Freedom From The Self: The End of Delusion, Fear, Hurt and Suffering by Nicholas Blewett

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High expectation but a slight let down….. ***

As far as self-help books go, this one is better than most, less than some. The author, Nicholas Blewett, admits up front that he is not an expert in anything other than the study of humanity, and the self-observations within his own life. This brings both positive and negative aspects to this book.

On the positive side, Blewett, describes in simple words the issues that plague us all. His discussion of fear, hurt, desire, attachment, and belief are worth reading, maybe more than once. At the end of each of these discussions are questions that if one will devote time to contemplate, will open your mind in ways other self-help books can only aspire to. With a refreshing clarity and real-world examples, Blewett describes how we all have been shaped by these issues in ways we may not even be aware of.

On the negative side, the author spends the first one-hundred-sixty-seven pages on the issues described above, and only the last twenty-seven on how to move beyond into what he describes as the Art of Living and how to embody true love and compassion. Had he gone as in depth in this last part as he did in the earlier part, this would be an amazing book.

My last comment could be applied to just about any self-help book, but more so to this one. The ideas Blewett presents could be world-changing as he states. The sad part is if only we could get the world to listen.

I give this one three stars, and I do recommend it, maybe if enough of us read it, we can change the world.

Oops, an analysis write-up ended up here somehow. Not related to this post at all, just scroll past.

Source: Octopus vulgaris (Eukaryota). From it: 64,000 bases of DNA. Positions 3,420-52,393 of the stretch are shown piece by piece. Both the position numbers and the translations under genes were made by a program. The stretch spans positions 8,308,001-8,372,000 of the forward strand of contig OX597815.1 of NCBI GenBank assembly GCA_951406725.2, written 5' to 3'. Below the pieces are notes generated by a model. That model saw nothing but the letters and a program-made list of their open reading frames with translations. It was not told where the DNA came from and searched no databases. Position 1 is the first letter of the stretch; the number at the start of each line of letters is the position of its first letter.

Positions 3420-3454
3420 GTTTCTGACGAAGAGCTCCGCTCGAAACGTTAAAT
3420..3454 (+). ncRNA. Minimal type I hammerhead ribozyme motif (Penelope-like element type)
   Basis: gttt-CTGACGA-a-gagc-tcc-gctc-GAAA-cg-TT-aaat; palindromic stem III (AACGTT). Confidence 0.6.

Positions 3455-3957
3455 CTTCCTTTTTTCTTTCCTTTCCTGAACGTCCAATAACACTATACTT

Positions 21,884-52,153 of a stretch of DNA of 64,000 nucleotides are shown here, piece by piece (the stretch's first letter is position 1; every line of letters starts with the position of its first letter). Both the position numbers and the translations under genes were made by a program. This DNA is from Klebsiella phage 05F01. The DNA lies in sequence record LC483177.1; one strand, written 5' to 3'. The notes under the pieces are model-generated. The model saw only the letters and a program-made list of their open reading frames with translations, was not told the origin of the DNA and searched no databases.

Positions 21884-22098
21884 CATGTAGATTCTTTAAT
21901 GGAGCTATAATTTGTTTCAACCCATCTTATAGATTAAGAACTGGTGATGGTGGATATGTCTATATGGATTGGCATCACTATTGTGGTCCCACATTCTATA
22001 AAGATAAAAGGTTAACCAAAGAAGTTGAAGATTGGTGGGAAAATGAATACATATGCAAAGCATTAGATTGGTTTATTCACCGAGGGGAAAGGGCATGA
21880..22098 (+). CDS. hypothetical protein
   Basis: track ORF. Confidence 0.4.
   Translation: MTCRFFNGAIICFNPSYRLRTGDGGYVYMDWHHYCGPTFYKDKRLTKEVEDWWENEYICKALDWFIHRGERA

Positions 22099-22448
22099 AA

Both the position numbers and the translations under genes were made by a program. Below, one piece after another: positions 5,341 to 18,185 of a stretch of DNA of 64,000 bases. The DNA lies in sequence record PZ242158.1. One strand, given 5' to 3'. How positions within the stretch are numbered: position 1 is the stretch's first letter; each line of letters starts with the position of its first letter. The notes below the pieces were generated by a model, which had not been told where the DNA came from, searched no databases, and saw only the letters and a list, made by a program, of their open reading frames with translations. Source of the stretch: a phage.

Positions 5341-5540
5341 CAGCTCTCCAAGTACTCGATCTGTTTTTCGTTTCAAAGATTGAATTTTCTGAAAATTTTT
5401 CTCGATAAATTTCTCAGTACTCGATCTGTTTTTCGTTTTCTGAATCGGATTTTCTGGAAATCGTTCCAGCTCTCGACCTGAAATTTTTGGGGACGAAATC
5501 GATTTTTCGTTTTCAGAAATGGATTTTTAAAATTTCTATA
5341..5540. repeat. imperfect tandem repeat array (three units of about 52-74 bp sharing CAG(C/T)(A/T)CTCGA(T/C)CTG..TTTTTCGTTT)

Burke & Wills by Peter Fitzsimons

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In the early 50’s, I used to watch a television program hosted by Walter Cronkite called You Are There. The show would re-enact famous events from history and Cronkite would report as if from an actual newscast, with reporters on the scene of the event. The show chronicled events such as the sinking of the Titanic and the Chicago fire. Peter Fitzsimons writes his historical accounts as if you are there, witnessing the events as they happened. Burkes & Wills is another of his books utilizing this style.

This review is not going to address the accuracy of Fitzsimons account of the ill-fated exploration of Australia, but rather the writing itself. My review of Ned Kelly received a very negative comment when I said Fitzsimons had done an excellent job of telling Ned’s story. Since I am not from Australia, I cannot attest to the factual depiction of either of these accounts.

I can say that I love Fitzsimon’s style. Although his books are lengthy, I found myself engrossed in the telling of the story of Burke & Wills, and felt the emotion of those in this sad tale. The descriptions and detail made this reader feel as if I were there.

This book will make you laugh, cry and leave you wondering how this exploration got as far as it did. As the subtitle states, this is a tale of the triumph and tragedy of Australia’s most famous explorers.

I highly recommend this book and give it five stars.

Fire and Fury by Michael Wolff

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Nothing we didn’t know, yet still worth a read……   ***

This is an interesting book. If you already believe Trump is unfit for the Oval Office, this helps validate that feeling. If you support Trump, I doubt if you will read it, or believe any part of it.